FAQs

  • This is a traditional, fulltime PhD program. We expect that individuals will complete the program in 3-7 years. Coursework is typically completed in 1-3 years. All incoming students already hold an advanced degree in a related field.

  • Yes, if you must defer your enrollment, you will need approval from the program and you will only be able to defer for one year. Funding cannot be held, but funded students who defer are eligible to be re-evaluated for funding in the following academic year.

  • You should submit one thesis, published or publishable quality paper approximately 10 to 20 pages in length. You should submit whichever piece you think best shows your academic thinking and writing skills.

  • We do not have a minimum requirement for the GRE scores; however, we recommend that applicants target a minimum score of 150 on the quantitative and verbal sections and 3.5 on the analytical writing. Although our doctoral program is competitive and we do attract applicants with high GRE scores, admission to our program is not based solely on test scores. We consider the overall profile of the applicant when making admissions decisions.

  • With the approval of the Curriculum Committee, students may transfer a maximum of 17 graduate-level credit hours with grades of “B” or better. Preadmission credits must have been taken within three years of admission to the INCM degree program to be accepted. Foreign university credits must be evaluated by a reputable credentialing evaluation service and be shown to be equivalent to U.S. graduate level standards to be considered for transfer.

  • This is a traditional PhD program - not a professional doctorate. Tuition costs will vary depending on whether a student is considered in-state or out of-state. Cick the following link for current Tuition and Fees for Graduate Students. Students awarded an assistantship through the program will receive a tuition waiver and a $15,000.00 annual stipend.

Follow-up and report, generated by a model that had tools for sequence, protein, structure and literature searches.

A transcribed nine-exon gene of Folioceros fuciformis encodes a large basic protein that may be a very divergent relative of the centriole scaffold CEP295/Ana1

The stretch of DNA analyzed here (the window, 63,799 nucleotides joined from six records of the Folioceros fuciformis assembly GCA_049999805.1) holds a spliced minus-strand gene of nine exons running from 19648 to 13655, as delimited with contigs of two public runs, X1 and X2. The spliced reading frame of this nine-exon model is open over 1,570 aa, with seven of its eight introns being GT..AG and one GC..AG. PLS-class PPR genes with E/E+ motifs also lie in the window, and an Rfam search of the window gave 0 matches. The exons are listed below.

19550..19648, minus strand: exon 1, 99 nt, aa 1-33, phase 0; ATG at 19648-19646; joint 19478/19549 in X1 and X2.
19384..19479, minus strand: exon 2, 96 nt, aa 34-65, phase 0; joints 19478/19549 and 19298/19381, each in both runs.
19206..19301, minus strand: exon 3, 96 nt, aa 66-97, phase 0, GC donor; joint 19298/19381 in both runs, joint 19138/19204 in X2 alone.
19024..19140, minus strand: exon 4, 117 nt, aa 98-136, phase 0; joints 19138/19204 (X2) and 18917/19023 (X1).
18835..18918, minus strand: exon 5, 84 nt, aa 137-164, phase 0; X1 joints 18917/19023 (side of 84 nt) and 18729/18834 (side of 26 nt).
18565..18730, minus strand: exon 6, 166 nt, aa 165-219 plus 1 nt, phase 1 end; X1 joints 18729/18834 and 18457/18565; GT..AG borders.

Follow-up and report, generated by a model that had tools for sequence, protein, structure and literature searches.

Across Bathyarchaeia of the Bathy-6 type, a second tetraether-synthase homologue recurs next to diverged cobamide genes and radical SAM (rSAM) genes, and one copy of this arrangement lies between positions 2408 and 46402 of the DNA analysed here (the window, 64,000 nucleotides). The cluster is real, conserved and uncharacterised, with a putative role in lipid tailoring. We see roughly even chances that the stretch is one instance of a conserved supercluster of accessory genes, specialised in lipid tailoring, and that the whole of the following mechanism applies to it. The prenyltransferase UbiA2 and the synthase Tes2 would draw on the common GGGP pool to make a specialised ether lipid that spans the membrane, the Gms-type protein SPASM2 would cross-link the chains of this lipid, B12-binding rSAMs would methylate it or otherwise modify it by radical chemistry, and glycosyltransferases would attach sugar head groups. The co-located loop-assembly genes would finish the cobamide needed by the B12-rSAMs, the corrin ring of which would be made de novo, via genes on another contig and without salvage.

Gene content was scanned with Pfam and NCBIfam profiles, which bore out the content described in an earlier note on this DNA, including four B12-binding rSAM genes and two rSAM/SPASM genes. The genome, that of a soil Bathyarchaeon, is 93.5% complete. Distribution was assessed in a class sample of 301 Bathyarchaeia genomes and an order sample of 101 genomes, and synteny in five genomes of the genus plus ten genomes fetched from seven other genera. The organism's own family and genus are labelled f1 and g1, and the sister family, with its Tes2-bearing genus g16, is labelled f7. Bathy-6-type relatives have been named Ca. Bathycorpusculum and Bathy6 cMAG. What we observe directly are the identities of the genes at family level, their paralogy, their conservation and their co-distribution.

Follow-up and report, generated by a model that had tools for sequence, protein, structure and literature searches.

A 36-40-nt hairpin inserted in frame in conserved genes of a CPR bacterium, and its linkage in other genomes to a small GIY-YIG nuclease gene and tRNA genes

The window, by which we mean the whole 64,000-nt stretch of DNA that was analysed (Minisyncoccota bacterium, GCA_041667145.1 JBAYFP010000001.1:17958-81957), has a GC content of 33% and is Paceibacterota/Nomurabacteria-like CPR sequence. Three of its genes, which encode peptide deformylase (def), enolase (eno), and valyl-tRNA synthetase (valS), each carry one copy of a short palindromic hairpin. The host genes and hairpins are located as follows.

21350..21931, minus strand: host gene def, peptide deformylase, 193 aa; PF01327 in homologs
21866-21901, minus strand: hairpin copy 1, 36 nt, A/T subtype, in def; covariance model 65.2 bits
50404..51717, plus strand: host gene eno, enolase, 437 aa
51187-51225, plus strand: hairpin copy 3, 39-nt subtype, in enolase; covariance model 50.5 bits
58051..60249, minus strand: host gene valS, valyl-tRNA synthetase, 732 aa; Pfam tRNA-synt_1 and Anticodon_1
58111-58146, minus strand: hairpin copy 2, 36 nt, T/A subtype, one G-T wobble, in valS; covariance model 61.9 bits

• No. The nature of the program requires that our students be in-residence while they are taking classes, although they do not need to be in-residence while they are researching or writing their dissertations. The teaching and research assistantships that fund our doctoral students also require them to be present.

  • There is no official limit, but a year is considered reasonable. Field work is most likely to occur when a student gathers data for dissertation research. Field work is not required to complete a dissertation; dissertations can be based on existing datasets, but are generally expected to be evidence-based and data-driven.

  • Accepted students select a dissertation chair after they have begun taking courses. It is recommended that a student have a dissertation chair by the end of their second year if not before. In the personal statement in your application, you may indicate the faculty member(s) with whom you would like to work (you do not need a professor's advance approval to do so).

  • Incomplete applications that are missing one or more of the requirements may not be reviewed
  • Successful completion of the program will require students to defend a doctoral research dissertation. Students, working with their faculty research adviser, will be expected to submit research papers to competitive conferences and to peer-reviewed outlets. Student research projects should be aligned with their dissertation research for maximum effectiveness.
  • Students need a minimum of 75 credit hours to graduate, 60 of which must be based on course work (including any approved transfer credits). Students therefore need between 1 and 15 dissertation credit hours. While there are no requirements for when these must be taken, students cannot register for INCM 9900 until they have selected a dissertation chair.
  • The Doctor of Philosophy is a research degree. Students are prepared for conducting research and utilizing their analytical skills in universities, policy institutes, government positions, military, humanitarian organizations, development agencies, and nonprofit organizations. For an indication of the types of jobs available to our graduates, check out the Peace and Development Collaborative Network.
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